Please, dear God, do not let me get sick, twist my ankle, have insomnia, or in any way, shape or form, not feel 100% until after this Saturday has passed. Why? Because I have been training for this marathon, dutifully, through the humid summer months, suffered dehydration on 20 mile runs (twice—you think I would have learned), and am putting off foot surgery so I can run it. It really wouldn’t be fair if I came down with an ailment right now. I haven’t been sick at all this past year, so for something to happen, before this 1 day—1 out of 365, would just seem unfair.
And if something happens, it’s not like I can just find another marathon in a few weeks when I feel better. Explanation:
A. Trail marathons are hard to find. Because of my foot that needs surgery, I can’t run on the road. Hence, it would suck for something to happen to me before this Saturday.
B. My foot surgery is the following week. I could re-schedule, I suppose, but refer to A.
I feel like I should quarantine myself right now. I’ve never been so paranoid about my health. Usually, my philosophy is the more germ exposure, the stronger my immune system gets. Not so right now. Bring on the waterless hand sanitizer.
I’m feeling slightly tired right now and that seriously concerns me. Am I getting sick? Do I feel any signs of a sore throat? I think I’m going to go straight to bed when I leave work today. Seriously. Maybe I should call in preventative-sick to work tomorrow so I can stay in bed all day. Just in case.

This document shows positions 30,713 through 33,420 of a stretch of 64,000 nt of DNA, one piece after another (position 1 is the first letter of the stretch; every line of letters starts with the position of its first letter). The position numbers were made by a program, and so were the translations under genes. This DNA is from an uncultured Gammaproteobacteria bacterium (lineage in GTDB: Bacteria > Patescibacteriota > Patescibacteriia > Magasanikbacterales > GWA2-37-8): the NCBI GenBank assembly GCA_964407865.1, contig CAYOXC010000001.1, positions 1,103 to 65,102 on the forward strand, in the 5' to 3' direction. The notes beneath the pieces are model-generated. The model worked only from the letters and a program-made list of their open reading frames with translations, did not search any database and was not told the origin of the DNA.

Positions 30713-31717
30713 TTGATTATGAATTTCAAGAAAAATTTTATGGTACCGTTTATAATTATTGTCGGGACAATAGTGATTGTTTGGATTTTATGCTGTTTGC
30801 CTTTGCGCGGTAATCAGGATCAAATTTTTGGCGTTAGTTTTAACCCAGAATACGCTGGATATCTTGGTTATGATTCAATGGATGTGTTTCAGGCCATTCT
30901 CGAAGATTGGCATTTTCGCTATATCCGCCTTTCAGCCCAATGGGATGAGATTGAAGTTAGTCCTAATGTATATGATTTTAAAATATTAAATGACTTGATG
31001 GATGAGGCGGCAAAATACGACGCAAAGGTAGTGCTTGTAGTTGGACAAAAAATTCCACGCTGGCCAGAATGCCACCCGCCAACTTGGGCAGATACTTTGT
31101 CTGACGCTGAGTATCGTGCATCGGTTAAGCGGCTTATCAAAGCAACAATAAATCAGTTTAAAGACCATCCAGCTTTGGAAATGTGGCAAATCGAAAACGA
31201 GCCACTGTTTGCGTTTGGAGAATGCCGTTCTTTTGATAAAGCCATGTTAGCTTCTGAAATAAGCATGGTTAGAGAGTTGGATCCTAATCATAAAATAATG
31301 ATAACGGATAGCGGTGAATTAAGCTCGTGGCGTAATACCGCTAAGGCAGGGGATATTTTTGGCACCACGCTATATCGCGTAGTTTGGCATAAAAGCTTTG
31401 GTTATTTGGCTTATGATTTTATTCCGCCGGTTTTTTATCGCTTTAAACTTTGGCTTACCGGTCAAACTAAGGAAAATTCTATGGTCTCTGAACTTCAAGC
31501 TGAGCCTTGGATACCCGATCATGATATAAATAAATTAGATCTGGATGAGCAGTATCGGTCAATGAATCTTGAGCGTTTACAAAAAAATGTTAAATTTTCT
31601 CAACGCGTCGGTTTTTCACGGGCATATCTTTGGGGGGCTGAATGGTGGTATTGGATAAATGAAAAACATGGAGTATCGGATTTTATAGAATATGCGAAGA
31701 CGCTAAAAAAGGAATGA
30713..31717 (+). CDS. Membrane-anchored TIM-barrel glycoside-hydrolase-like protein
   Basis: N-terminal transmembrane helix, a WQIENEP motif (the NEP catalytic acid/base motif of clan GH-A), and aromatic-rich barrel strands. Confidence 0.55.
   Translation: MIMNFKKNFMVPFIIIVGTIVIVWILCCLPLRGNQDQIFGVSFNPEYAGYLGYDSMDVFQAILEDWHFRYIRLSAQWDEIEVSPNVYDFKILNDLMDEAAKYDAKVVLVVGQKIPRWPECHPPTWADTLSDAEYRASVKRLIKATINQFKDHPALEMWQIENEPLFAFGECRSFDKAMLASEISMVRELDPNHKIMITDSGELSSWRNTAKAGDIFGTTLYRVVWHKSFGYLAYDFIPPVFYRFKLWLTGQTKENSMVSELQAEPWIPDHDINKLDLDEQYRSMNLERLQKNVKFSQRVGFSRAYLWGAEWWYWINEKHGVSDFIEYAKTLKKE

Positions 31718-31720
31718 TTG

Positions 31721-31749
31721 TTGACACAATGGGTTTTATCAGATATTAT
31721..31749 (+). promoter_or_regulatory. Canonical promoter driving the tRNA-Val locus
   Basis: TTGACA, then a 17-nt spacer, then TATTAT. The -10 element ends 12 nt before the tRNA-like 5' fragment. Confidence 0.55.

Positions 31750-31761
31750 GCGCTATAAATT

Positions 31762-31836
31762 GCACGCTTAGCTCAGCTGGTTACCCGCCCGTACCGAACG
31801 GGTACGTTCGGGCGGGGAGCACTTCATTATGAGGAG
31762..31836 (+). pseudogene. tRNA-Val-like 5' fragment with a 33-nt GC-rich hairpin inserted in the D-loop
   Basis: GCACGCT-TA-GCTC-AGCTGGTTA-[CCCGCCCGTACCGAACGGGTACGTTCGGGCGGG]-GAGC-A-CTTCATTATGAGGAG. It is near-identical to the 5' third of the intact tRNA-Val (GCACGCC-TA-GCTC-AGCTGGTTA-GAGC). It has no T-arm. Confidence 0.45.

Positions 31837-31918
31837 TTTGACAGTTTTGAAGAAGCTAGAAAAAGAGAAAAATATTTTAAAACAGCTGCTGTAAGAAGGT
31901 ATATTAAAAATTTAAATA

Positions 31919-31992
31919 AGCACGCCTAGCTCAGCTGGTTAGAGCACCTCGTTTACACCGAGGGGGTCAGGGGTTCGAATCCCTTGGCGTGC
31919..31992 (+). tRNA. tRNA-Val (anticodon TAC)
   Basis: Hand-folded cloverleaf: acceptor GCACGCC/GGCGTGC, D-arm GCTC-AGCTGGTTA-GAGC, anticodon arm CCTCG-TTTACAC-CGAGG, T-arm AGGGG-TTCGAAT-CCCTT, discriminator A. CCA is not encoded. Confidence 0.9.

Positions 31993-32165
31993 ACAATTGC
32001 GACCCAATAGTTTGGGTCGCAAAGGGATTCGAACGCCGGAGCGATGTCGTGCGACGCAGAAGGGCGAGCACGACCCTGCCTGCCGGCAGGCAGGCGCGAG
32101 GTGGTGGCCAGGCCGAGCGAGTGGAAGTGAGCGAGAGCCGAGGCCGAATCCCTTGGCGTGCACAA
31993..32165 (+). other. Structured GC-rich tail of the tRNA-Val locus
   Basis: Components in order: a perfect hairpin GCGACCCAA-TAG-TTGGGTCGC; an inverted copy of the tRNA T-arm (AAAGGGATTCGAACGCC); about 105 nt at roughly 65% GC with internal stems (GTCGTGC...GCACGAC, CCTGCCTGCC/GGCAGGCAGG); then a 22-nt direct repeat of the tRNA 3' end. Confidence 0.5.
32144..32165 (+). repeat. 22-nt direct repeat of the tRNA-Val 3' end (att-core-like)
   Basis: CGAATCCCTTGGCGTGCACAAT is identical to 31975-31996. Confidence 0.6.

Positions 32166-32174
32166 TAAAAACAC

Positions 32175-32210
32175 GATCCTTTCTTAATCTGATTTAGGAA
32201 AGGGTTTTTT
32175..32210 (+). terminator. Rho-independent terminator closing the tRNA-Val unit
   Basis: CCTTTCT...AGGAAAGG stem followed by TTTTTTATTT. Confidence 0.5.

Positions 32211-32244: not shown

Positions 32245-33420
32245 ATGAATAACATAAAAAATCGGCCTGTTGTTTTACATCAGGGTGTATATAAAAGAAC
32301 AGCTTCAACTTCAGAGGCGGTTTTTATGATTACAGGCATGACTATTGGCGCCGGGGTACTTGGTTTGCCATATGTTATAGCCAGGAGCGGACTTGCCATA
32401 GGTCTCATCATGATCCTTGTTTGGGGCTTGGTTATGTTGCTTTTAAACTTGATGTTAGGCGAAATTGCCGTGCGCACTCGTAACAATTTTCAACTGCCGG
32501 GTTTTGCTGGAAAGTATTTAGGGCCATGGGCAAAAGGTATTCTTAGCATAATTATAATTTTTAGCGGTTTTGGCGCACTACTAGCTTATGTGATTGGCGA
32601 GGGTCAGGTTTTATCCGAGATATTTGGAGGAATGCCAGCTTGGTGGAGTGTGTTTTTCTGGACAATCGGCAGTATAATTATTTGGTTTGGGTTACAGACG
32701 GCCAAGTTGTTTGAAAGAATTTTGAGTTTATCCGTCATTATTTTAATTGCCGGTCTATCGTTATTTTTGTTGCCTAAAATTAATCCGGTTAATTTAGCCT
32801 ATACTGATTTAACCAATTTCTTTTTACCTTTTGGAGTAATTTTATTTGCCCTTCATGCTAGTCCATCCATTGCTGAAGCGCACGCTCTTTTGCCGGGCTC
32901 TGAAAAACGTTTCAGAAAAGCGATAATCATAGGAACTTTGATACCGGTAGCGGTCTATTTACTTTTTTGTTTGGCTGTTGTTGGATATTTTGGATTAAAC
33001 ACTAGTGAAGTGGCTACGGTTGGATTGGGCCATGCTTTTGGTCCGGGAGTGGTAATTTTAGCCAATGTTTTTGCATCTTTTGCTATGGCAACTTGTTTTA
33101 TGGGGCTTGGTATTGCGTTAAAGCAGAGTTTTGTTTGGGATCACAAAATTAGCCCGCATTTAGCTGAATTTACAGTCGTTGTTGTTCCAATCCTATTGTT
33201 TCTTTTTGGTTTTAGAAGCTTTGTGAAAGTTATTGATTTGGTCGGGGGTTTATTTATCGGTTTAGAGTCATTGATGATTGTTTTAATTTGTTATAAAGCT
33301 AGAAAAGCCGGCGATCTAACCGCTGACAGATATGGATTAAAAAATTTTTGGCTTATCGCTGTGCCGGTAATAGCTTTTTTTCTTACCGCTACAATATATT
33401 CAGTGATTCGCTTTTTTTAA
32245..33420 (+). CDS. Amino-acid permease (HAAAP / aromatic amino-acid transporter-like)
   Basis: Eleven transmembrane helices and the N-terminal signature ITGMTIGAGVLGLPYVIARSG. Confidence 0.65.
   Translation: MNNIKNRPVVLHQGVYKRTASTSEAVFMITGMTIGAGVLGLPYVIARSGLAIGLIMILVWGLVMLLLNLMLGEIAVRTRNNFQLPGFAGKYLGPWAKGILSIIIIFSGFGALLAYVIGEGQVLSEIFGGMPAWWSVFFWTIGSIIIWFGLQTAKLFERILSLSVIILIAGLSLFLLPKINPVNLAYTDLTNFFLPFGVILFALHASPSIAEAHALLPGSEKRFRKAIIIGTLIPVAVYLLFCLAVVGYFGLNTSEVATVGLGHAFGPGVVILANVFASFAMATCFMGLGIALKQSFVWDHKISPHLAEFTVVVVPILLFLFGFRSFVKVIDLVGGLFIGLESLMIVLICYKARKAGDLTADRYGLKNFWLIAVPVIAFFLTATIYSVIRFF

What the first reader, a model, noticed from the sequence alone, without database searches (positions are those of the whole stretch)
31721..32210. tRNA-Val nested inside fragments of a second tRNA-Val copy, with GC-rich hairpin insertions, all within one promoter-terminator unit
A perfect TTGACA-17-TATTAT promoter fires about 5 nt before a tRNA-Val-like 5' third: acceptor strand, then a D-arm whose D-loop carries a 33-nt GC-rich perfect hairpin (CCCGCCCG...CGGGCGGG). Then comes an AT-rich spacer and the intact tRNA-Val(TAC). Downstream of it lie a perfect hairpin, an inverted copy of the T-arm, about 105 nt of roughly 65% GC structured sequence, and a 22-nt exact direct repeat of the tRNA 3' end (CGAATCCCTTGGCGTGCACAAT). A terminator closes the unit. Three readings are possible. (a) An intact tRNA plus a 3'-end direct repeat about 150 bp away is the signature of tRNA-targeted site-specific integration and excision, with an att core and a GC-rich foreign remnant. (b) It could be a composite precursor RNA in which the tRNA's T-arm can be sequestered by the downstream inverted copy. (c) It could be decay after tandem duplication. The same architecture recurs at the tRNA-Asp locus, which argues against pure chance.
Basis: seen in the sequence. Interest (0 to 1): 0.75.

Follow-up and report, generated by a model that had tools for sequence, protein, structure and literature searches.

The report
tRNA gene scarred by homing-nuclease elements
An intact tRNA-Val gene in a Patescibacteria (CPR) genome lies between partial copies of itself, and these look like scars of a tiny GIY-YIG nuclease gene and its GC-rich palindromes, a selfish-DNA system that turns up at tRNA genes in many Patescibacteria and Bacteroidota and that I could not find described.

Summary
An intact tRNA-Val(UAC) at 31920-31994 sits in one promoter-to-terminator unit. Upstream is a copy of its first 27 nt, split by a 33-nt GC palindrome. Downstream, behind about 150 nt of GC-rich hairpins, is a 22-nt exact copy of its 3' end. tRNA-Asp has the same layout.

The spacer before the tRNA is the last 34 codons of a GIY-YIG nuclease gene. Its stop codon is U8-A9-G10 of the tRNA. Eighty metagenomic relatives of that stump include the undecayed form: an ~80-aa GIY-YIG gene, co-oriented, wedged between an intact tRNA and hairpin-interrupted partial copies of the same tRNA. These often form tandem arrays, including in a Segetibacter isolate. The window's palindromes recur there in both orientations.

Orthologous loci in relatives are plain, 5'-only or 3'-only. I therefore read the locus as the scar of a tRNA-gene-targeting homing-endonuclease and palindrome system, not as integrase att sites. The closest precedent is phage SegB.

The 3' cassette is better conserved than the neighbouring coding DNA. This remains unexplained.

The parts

My paranoia is completely justified. Cullen, who also trained through the humidity and suffered dehydration (twice) is sick. He probably (definitely shouldn’t) run the marathon on Saturday. He says he might race the first half to pace me, drop out, grab his bike, and meet me at the aid stations. I feel horrible for him. How crushing, to put in all this work, and then get sick, right before the race. But, if he does miss it, at least he can find a road one to race.
This will be my first marathon. I think I could run the course trails blindfolded—the race is on the trail system that backs up to Cullen’s house, and I’ve been running those trails weekly for the past year. I love them. I want to crush them in this race. I’ve completely prepared, and I’ve never felt so excited about a race. Usually I rather dread races, but I think a marathon will suite my endurance-style better than the shorter races, so I’m feeling confident.
This race will be my last run (sob) for a long time. The surgery will put me out for, optimistically, three months. No running for three months. I may, optimistically, be able to bike after one month, but considering that Dr. Sawbones is breaking my foot bone, I’m thinking that even if I’ll be able to bike, it will probably be the stationary variety, and not the ripping through the trees on my new kick-ass mt. bike variety. I really don’t know what I’m going to do with my spare time. Or how I’ll relieve my stress, have deep thoughts as I wind through singletrack, or get very familiar with my iTunes playlist. Running, riding--being in the woods—feel as important to me as the act of sleeping. So I’m absolutely dreading the surgery, and really, really, really hoping that I’ll have a good marathon on Saturday.